Planning legislation requires the planning decision-maker to have regard to relevant “material considerations” when considering an application for planning permission. The scope of what can constitute a material consideration is very wide, but courts have in the past deemed as “material” the protection of the public interest against purely private interests, as well as bias or the perception of bias on the part of the relevant authority.
In relation to the AELTC’s application for permission to develop in Wimbledon Park, there are three matters that are “material” to the application and to which both Councils (Merton and Wandsworth), the GLA and, if it reaches that far the Secretary of State, should give considerable weight:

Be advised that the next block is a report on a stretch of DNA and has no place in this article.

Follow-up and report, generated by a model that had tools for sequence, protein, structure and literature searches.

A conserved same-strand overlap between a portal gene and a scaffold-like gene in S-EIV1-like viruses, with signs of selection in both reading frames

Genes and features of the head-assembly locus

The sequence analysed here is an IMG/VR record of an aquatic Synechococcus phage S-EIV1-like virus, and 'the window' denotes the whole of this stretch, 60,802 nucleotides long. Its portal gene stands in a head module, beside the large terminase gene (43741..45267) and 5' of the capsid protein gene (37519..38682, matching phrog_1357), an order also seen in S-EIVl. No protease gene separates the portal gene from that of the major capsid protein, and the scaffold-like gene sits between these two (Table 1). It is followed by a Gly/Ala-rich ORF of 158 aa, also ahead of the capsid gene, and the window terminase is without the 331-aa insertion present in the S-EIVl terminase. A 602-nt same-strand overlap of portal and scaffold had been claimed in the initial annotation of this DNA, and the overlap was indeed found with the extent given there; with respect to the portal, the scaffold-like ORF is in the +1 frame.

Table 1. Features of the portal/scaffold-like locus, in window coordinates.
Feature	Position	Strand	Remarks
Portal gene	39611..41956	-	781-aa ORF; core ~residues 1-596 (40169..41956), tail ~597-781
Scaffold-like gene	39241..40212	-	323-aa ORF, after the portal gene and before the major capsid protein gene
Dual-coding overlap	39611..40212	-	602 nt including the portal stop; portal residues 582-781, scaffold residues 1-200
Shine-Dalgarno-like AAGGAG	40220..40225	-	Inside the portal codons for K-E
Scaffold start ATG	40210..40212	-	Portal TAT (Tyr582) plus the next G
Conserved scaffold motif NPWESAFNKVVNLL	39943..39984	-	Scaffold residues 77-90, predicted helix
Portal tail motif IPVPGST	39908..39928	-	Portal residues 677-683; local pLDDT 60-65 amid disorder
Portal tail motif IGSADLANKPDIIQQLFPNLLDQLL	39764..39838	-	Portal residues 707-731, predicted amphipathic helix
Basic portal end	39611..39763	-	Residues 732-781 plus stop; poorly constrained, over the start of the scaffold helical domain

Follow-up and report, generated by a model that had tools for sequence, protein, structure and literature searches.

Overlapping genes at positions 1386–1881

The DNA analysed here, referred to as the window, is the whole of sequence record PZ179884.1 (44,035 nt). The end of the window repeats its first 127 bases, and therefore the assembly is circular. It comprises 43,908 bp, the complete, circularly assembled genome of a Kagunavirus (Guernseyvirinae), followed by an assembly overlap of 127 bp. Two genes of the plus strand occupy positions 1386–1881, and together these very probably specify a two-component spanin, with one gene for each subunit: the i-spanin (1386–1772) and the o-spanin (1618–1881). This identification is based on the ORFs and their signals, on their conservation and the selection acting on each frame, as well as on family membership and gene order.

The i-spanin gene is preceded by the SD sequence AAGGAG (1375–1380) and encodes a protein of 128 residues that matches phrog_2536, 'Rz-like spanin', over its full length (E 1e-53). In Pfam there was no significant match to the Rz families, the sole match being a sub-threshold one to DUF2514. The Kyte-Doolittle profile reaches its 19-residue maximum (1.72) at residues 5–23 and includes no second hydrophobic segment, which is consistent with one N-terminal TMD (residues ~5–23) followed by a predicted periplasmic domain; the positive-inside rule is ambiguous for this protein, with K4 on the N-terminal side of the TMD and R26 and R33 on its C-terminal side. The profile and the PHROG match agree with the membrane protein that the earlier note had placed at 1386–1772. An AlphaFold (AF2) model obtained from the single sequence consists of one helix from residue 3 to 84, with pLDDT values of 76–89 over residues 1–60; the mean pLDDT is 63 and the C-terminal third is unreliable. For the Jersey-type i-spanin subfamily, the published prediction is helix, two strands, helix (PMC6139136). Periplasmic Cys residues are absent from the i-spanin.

(1) the covenants imposed by Merton in 1993, in the public interest, which expressly prohibit the type of development and use of the land for which the AELTC are seeking permission.
(2) the public law obligation on Merton to uphold and enforce those covenants, in light of the public promises it gave when it sold the land to the AELTC, and of its duty as trustee.
(3) the conduct of Merton since the application was submitted, which suggests that the Council may be biased in favour of the application and pre-disposed to vary or release the covenants, to allow the development to progress.
The Society has written to both Councils setting out these concerns, and you can read the Society’s The Wimbledon Society's letter, and the Wimbledon Park Residents Association paper referred to in the letter.